The Village Museum is a wonderful opportunity to discover Romanian tradition and to deeply understand its history, his customs and people.Take a tour in the Village Museum and you will feel the peace and quiet of the Romanian village.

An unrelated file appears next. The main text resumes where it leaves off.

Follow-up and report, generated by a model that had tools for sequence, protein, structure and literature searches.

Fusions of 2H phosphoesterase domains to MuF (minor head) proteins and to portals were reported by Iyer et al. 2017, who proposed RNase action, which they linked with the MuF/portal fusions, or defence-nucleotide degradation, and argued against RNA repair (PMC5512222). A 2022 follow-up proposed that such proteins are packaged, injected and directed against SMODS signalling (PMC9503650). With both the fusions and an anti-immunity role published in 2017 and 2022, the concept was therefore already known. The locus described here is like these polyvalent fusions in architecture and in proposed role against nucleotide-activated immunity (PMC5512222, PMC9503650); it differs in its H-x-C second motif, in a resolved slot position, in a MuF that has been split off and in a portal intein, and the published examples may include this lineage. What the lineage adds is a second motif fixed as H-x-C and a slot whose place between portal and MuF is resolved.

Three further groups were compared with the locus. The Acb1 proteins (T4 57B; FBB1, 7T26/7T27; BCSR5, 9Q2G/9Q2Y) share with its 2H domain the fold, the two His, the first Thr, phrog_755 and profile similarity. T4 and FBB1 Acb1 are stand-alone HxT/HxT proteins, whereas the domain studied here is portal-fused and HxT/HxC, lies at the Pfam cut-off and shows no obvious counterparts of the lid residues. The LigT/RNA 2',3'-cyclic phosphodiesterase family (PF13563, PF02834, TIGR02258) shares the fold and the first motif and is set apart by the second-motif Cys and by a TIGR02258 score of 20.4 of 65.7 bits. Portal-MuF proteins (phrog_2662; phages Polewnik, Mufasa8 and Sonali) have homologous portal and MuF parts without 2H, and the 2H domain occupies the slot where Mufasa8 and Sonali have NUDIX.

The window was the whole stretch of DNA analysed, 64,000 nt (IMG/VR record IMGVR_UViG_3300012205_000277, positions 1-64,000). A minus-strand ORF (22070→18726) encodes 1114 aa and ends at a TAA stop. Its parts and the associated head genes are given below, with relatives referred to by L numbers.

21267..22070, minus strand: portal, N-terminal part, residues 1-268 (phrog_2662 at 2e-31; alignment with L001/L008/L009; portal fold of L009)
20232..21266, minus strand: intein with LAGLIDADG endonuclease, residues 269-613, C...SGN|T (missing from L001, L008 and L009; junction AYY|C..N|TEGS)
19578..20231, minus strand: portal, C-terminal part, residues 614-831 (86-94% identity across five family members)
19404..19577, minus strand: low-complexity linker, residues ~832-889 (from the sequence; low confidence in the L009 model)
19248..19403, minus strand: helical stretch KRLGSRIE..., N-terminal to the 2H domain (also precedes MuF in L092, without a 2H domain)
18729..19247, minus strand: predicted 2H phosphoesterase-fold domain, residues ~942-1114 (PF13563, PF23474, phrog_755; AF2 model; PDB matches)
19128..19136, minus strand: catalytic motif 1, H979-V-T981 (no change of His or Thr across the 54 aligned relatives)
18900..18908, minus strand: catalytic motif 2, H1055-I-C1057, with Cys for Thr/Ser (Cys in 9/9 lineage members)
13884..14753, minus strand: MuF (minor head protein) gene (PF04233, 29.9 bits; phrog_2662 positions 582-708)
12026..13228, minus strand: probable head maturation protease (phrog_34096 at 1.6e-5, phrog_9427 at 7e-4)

Romania was predominantly a rural country for centuries and it developed a wonderful tradition in building wood houses and churches, and intricate clothes and objects with special symbols. The place that brings that tradition to life is the Village Museum. The rural life was tightly linked to nature and the peasants knew how to live in harmony with the sun, the winds and the rain. This closure is magnificently represented by their houses, clothes and everyday objects. In Bucharest, down on the Herăstrău lakeside, right in the middle of Romania’s capital city, you will discover an authentic Romanian village, rich in monuments and artifacts. The Village Museum’s official inauguration took place on the 10th of May, 1936, in the presence of King Charles II. The Village Museum (named Dimitre Gusti after its founder), had in its early days an area of 4.5 hectars of land and hosted 33 authentic household assemblies, transferred from researched villages: houses with annex buildings, a church (from Dragomirești village, Maramureș County), a triptych religious monument, technical installations and a swing set. Nowadays, the Village Museum has 9 hectars, and an increased number of collection pieces. The open-air patrimony gains new showpieces, reaching to number of 62 ensembles of vernacular architecture (as compared to 33 back in 1936), with a number of 223 buildings (40 houses, 165 household annexes, 3 churches, 15 technical installations and craft workshops), summarizing an inventory of over 17.000 units. Among the previous, the newly acquired field monuments, houses and households from the regions of Suceava, Vaslui, Vâlcea, Constanța, Alba, Hunedoara, Maramureș, are beautifully represented.